Owning a car can be an expensive business, which is not much of a problem if you are prepared for it, but if you aren’t ready for the potential price of car ownership, it can come as something of a shock to you and your bank balance.
Of course, we all know that we’ll need to pay regularly for things like fuel and insurance and annual visits to a good local MOT test centre, and we plan for that, but there are lots of unexpected costs that we often don’t think about much until they happen, so let’s take a look at some of them now:
Unfortunately, car accidents are extremely common, and as well as being pretty scary, and potentially dangerous to your health, they can also be quite expensive too. Although you will need to have insurance, you will probably have to pay an excess for any damage, and your insurance premiums could rise as a result.
No one wants to plan for having an accident, but when looking at your policy options, you should factor the possibility into your calculations.
Parking tickets and other traffic tickets are something that you should be able to avoid in theory simply by sticking to the law. However, many drivers get caught out when they travel to unfamiliar places where they are not sure of the system or where it is and is not permissible to park.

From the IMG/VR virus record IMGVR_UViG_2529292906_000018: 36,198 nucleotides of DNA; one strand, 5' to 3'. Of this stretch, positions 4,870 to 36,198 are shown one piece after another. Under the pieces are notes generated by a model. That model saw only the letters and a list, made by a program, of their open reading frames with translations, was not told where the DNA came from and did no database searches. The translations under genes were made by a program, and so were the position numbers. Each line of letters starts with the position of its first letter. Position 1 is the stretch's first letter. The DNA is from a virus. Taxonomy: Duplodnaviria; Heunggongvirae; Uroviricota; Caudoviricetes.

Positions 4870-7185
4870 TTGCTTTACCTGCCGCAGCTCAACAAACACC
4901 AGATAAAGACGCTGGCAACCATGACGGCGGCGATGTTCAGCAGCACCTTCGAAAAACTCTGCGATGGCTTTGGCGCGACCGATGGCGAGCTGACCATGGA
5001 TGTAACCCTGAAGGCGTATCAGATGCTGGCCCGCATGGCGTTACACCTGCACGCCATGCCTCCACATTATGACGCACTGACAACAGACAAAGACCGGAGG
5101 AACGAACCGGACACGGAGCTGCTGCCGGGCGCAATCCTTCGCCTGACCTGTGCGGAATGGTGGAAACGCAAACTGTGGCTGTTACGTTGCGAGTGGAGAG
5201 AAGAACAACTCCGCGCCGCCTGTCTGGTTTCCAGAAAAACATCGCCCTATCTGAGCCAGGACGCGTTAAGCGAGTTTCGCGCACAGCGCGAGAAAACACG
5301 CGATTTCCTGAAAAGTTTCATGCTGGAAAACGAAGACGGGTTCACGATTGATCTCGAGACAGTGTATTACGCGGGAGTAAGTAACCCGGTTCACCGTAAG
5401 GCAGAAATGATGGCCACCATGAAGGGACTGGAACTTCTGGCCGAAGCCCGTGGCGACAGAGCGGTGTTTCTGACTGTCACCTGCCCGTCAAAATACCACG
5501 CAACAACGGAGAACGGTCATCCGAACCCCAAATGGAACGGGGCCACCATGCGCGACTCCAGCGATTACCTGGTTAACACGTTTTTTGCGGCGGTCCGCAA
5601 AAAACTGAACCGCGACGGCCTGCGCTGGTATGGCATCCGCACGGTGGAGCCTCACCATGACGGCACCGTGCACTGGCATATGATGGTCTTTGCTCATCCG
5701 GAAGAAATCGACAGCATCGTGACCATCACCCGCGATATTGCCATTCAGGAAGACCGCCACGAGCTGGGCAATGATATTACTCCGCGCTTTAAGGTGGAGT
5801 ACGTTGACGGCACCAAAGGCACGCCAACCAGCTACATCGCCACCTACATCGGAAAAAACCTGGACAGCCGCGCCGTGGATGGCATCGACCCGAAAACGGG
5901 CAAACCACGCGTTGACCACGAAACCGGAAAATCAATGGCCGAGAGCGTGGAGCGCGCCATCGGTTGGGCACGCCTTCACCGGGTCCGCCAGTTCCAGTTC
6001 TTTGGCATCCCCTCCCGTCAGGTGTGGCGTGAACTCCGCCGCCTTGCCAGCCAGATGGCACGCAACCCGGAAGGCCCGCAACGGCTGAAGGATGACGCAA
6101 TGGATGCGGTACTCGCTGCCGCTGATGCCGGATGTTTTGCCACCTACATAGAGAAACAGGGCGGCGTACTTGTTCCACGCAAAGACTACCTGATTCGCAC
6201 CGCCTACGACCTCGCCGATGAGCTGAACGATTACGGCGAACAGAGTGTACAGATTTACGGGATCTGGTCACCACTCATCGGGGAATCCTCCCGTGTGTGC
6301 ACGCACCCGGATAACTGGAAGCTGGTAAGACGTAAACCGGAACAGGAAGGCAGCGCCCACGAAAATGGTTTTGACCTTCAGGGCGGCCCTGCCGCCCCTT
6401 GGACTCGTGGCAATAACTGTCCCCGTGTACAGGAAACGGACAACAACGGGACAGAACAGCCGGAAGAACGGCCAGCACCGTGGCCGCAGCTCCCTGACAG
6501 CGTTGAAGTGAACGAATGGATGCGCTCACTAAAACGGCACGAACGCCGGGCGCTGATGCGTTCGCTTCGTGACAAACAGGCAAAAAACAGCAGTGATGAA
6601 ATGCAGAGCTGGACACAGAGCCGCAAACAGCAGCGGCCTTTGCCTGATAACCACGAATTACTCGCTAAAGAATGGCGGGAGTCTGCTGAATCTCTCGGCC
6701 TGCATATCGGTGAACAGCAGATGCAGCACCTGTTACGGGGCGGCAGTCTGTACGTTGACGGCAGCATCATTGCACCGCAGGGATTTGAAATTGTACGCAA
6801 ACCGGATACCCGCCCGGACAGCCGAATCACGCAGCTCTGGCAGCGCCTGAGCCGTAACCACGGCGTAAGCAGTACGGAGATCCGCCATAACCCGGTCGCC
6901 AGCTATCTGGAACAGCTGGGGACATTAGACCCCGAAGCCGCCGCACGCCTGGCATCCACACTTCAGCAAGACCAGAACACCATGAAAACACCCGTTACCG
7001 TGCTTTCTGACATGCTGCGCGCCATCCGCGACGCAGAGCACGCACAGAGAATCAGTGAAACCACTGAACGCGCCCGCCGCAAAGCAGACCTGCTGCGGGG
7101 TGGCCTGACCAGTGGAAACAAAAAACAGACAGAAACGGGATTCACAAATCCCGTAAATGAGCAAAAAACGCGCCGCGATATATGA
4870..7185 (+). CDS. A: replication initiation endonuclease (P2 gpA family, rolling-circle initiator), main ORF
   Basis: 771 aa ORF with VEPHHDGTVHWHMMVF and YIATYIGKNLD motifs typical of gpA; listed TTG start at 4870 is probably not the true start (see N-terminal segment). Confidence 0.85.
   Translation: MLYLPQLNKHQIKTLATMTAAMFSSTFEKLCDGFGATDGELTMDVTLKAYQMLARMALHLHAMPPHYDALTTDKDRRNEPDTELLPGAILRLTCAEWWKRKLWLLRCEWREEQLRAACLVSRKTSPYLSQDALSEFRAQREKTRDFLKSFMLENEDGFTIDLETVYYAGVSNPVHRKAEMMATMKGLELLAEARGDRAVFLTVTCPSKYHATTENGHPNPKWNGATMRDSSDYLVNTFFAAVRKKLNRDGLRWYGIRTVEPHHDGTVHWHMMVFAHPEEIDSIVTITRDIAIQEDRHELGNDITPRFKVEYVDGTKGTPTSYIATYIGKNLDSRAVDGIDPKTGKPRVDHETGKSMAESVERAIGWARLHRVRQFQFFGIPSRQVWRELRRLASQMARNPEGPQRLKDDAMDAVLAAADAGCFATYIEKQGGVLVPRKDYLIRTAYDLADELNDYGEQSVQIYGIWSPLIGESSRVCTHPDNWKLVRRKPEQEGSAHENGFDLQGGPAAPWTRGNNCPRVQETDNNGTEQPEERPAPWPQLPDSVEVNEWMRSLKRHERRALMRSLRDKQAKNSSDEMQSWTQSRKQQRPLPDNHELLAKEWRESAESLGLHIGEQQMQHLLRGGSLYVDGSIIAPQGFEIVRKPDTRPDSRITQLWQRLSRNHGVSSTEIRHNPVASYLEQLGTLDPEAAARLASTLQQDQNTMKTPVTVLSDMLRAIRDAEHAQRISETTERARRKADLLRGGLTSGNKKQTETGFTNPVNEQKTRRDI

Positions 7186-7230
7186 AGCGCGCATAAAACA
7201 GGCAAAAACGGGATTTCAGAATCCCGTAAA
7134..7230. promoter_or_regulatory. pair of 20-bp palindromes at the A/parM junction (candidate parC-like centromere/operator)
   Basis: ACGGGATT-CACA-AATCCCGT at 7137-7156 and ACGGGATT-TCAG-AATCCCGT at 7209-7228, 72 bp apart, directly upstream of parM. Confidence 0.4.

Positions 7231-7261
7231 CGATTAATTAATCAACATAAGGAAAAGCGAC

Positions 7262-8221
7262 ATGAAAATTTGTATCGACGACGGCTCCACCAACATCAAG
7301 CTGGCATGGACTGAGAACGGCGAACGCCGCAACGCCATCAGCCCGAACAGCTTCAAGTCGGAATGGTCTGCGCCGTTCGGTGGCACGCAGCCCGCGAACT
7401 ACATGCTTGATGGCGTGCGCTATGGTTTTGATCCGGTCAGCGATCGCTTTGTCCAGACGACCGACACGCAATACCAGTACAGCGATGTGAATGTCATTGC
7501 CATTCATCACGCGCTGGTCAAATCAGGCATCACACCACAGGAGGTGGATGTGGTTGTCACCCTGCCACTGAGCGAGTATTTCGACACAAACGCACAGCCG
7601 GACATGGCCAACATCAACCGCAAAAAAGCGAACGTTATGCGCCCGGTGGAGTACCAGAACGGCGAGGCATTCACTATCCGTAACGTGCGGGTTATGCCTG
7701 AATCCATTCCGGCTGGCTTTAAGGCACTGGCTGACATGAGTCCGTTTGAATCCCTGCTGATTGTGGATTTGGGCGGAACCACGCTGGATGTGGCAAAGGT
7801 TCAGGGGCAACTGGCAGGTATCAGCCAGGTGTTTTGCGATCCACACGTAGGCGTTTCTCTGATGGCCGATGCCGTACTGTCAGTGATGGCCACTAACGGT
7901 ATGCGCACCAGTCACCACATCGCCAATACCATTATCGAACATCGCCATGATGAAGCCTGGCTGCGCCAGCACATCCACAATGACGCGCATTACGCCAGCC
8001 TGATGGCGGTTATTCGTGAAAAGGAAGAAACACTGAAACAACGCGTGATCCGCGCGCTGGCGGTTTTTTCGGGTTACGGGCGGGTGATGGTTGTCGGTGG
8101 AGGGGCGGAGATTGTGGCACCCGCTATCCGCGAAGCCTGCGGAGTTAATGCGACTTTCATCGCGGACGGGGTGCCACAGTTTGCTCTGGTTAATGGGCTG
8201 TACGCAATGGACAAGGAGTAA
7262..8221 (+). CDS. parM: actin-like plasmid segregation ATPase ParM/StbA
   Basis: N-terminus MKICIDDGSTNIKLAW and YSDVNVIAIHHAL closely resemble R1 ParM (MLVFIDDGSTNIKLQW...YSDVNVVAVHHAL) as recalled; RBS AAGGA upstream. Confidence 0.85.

Again, you can prepare for this to a large extent by scoping out a destination and its parking rules before you visit, but you do need to remember to do that or you could get into trouble and end up out of pocket.
We all hope it never happens to us, but more of us than would like to admit it have ended up stranded on the road with a vehicle that just will not budge, When that happens, you will normally need to call a vehicle recovery company like the AA to come and tow you away and that can be expensive.
You can make it less expensive, and less of an ordeal by subscribing to an annual plan, but many people don’t bother thinking they will never need it which means that they end up out of pocket and with a longer wait for help. Think very carefully before you end up in the same position.
Okay, so depreciation isn’t exactly a cost, but it’s worth noting that, if you buy a new car, the second you drive it away from the dealership it will lose around 10 percent of its value, After 12 months, that will rise to 20 percent and within five years, it will be worth 60 percent less than you paid,
So, think carefully about whether a new car is a good investment for you, or would a used one suit your needs better?
Now you know a bit more about some of the unexpected car costs that can crop up, hopefully, you can avoid falling foul of them, or at the very least, be more prepared when they do happen.
** This is a collaborative post